FSU honors Professor Mark Winegarder with 2020-21 Outstanding Graduate Teaching Award
By Elizabeth Chailosky
When English Professor Mark Winegardner was in grade school, he was in constant trouble for reading books in class instead of completing his assignments. His love of reading manifested itself into a prolific writing career, while Winegardner eventually replaced his dislike of school with an appreciation and knack for teaching.
“I was the kind of kid who would get in trouble for reading a book,” Winegardner explains. “The books you would buy at the Scholastic Book Fair changed my life. I would get up at three in the morning to read them.”
For the past 40 years, Winegardner has written a wide variety of critically acclaimed books and he has taught at four different universities. In the fall of 2021, he begins his 25th year of teaching at FSU with another recognition of his successful career. On April 22, 2021, Florida State university announced Winegardner as a 2020-21 Outstanding Graduate Teaching Award recipient.
Winegardner is the English department’s only two-time winner of the Graduate Teaching Award. Winning awards is not his end personal goal, but, of course, he is satisfied that students value his teaching efforts and nominate him for such awards.
“You get nominated for a thing like this and you’re happy about it but like anything you’re competing for, for me, it feels silly to compete for it in the first place,” says Winegardner, who admits talking about winning awards makes him feel uncomfortable.
Nonetheless, Winegardner recognizes what an incredible privilege it is to “walk into a room of smart people who want what you have” and to “talk about things I love and to open doors for people.”
Rebecca Orchard, an FSU English doctoral student in fiction, credits Winegardner with helping her become a better writer and for providing her with several advantageous opportunities.
“He’s particularly good at matching students with opportunities that play to their strengths,” she says. “I know I’m in a better position—within the program regarding my career—for having worked with him.”
Winegardner graduated from Miami University in Oxford, Ohio, in 1983, making him the first member of his family to graduate college. He then went on to earn a Master of Fine Arts degree at George Mason University in Virginia, finishing in 1988.
As the first member of his family to graduate, Winegardner believes in giving his students their “money’s worth” by providing them with all of the tools and means necessary in order to benefit the most.
“I’m the one getting paid, and they’re the ones paying to show up,” Winegardner explains. “So, I ought to be able to return good value.”
Winegardner began teaching at FSU in 1977 and he is Burroway Professor of English. He has written a wide variety of books in addition to many essays that have appeared in magazines such as The New York Times and GQ Magazine. In 2002, author Mario Puzo’s estate selected Winegardner to write The Godfather Returns, a sequel to Puzo’s 1969 classic The Godfather.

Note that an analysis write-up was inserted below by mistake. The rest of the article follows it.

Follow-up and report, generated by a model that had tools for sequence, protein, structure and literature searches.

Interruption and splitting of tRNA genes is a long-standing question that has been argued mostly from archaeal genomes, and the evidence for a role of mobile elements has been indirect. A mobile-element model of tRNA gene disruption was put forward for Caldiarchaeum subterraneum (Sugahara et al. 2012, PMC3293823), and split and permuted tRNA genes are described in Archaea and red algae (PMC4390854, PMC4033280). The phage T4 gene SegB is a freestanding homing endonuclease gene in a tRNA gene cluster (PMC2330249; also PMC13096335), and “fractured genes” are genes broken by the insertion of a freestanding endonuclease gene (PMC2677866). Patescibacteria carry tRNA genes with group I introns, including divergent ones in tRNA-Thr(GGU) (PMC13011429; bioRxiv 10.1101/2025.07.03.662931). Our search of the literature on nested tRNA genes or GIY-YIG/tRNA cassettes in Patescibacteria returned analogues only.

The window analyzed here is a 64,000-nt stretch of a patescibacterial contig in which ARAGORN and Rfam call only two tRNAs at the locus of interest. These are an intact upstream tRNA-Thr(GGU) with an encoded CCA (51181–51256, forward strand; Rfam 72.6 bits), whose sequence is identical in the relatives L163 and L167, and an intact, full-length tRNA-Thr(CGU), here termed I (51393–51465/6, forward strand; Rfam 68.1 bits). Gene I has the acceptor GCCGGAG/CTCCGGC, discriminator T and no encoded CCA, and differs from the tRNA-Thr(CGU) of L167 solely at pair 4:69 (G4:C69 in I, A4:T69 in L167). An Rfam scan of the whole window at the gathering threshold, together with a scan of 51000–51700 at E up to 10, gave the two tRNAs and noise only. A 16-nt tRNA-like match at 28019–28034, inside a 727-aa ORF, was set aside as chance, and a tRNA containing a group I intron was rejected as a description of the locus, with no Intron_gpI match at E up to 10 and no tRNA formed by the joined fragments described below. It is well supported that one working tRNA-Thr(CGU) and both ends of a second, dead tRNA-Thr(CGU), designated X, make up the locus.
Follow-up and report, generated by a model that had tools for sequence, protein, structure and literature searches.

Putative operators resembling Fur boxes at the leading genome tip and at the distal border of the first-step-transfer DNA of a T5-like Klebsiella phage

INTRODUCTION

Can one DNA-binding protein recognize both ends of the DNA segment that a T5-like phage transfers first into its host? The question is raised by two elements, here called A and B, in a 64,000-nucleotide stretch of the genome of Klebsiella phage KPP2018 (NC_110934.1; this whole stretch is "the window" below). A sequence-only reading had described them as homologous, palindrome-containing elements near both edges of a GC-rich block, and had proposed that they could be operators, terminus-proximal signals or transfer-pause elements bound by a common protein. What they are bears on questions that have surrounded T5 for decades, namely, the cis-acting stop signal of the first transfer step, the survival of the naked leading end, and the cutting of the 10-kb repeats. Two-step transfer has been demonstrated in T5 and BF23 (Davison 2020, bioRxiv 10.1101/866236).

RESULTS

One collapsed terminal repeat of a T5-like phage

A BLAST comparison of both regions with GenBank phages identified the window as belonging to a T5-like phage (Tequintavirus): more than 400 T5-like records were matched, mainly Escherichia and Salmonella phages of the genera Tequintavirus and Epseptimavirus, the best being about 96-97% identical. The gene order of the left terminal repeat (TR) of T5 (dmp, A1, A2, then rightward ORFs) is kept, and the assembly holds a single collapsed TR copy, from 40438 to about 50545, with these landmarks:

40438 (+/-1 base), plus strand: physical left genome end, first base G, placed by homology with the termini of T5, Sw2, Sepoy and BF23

As a kid, Winegardner never imagined he would have the career he has now. Growing up in a place like Bryan, Ohio, which today has approximately 8,300 residents, taught Winegardner how to be practical, he says. So, the thoughts of one day becoming a fiction writer were nonexistent for him.
Winegardner’s childhood love of reading books allowed him to escape reality, he says, as he developed an interest in writing stories that would virtually have the same effect on others. In the classroom, Winegardner strives to pass that same mindset to his students.
Winegardner does not claim to have all the answers as to what makes a great and successful teacher. For him, though, an important factor is to be honest with students in order to help them improve their craft rather than impede their intellectual growth.
“I need to treat my students like people who could make it in the writing profession by telling them the truth about their work instead of being some sort of cheerleader,” Winegardner explains.
Winegardner recognizes how fortunate he is to teach in FSU’s elite Creative Writing Program, where he has the opportunity to help build careers. As a mentor, Winegardner provides candid advice to his students while also remaining empathetic toward their personal lives.
Mark has always been there with practical advice for any situation I need help with, and I know he does this for any student who asks, not just those of us who work closely with him.
— Rebecca Orchard
“Mark has always been there with practical advice for any situation I need help with, and I know he does this for any student who asks, not just those of us who work closely with him,” says Orchard, who has published her work in Passages North, Split Lip Magazine, Tammy, The Pinch, Pigeon Pages, The Baltimore Review, among other publications.
He is constantly evolving as a teacher, Winegardner admits, and his dedication to his students’ success remains unwavering. The students, after all, Winegardner points out, ultimately drive his actions and efforts.
Winegardner has a personal mantra, a quote by German literary figure Johann Wolfgang von Goethe, which reminds him of his obligation as a teacher: “If I accept you as you are, I will make you worse; if I treat you as though you are what you are capable of becoming, I help you become that.”
He regularly reads the quote in order to bring intentionality into his teaching. He is proud of empowering his students and being a part of their journey, “taking them to the last level” of their academic careers.
Because of his commitment to inspire his students and to further enhance their creative talents, FSU recognizes Winegardner’s excellence as a mentor.
Elizabeth Chailosky is a double major in English, on the editing, writing, and media track, and Women's Studies.
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